On reddit.com, a fairly long and comprehensive contribution has appeared | in which a former Nokia engineer describes the situation in the company before and after it was taken over by Microsoft. What at the beginning seemed to be a combination of two really strong names and an automatic presumption of success ended infamously after many peripetia and problems.
Virtually everyone has an opinion on why this happened. Most often, users remember their promises to update or support their phones, as well as the poor offer of applications compared to their competitors. But now it is interesting to look at the problem from the other side. We have selected key points from his text.
Will Microsoft try it on mobile again? And why should (not)?
- Google’s underestimation. At first, Google didn’t look like a strong opponent, and attention was directed to Apple. The first Android smartphones looked more like a toy besides the smartphones of the time, but Google had an excellent estimate that the center of gravity would shift from device to service. His well-functioning maps, search, YouTube, Gmail and more soon overshadowed Microsoft’s offerings.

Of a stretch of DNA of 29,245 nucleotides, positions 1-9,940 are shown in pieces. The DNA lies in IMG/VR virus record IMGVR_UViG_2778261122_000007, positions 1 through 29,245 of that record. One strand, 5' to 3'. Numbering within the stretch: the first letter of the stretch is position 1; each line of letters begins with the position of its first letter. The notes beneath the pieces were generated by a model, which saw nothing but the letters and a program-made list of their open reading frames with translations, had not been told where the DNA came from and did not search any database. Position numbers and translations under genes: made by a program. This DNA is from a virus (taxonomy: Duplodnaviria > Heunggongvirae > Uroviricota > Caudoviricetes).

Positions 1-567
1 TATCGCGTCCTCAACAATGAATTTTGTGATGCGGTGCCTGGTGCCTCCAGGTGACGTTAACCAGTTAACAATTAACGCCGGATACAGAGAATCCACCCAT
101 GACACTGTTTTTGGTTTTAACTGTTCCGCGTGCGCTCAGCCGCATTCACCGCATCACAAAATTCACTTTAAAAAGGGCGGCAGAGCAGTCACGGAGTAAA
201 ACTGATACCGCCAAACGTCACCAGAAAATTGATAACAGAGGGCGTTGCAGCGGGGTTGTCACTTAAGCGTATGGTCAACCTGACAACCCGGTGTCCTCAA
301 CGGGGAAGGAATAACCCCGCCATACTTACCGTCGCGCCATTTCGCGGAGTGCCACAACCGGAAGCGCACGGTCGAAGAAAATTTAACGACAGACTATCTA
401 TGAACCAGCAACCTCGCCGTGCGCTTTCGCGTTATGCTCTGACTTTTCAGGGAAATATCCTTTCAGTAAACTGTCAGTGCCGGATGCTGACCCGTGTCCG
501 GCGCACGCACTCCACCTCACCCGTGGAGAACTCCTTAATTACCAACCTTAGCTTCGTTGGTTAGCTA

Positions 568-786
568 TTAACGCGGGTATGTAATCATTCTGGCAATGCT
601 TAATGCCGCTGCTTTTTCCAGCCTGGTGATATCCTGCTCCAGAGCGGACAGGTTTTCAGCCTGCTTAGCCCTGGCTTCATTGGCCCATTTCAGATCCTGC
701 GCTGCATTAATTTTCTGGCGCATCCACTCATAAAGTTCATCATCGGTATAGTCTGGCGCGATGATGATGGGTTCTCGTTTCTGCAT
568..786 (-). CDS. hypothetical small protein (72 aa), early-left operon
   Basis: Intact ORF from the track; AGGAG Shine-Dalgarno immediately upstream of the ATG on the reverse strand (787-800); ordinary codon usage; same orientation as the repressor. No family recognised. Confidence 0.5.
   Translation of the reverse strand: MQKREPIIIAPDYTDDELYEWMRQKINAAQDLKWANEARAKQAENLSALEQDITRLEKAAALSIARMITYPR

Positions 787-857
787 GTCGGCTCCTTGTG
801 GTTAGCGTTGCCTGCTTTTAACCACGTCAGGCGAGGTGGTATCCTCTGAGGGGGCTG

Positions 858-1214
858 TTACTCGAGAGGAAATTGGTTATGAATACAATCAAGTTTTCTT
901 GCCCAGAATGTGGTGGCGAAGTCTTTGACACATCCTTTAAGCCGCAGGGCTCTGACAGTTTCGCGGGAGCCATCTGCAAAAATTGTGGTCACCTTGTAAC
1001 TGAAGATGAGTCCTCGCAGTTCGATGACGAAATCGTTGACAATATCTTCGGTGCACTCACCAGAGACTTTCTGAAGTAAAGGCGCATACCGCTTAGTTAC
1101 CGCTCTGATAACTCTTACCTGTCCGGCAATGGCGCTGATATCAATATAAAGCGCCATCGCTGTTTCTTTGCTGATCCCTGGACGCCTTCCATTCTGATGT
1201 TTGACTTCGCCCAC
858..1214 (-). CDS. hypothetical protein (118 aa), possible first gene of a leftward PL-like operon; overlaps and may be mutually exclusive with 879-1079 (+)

- Experiments with mobile phones came not long after Windows 8 . In hindsight, it can be understood that Microsoft was striving for a radical step that would ultimately unify operating systems across all devices. But the people on the desktops have been very conservative and have never fully accepted such a change. This is the reason for the current schizophrenia, when Microsoft wants something new and modern, but also wants continuity, continuity and backward compatibility. However, the stigma of ’tiles’, ‘metro’ and ‘modern applications’ has never completely disappeared.
- This is related to Microsoft’s reputation . With Windows, perhaps everyone has suffered theirs, be it slowness, crashes, data loss and other inconvenience. Although Microsoft was often not responsible for this, the new and unencumbered names had the upper hand in this fight.
- Loyalty. Switching to another platform is difficult in itself, and the longer you’re on it, the worse it is, just because of having to buy apps again. As soon as Microsoft wavered during the initial jump on the train, Microsoft had never had the opportunity to make up for this delay.
His observations are accompanied by the conclusion that the failure of Windows mobile is a loss for the entire segment of mobile phones. Android Studio, which is used by developers for this platform, was significantly worse than Microsoft’s Visual Studio, and he is slowly withdrawing the lead.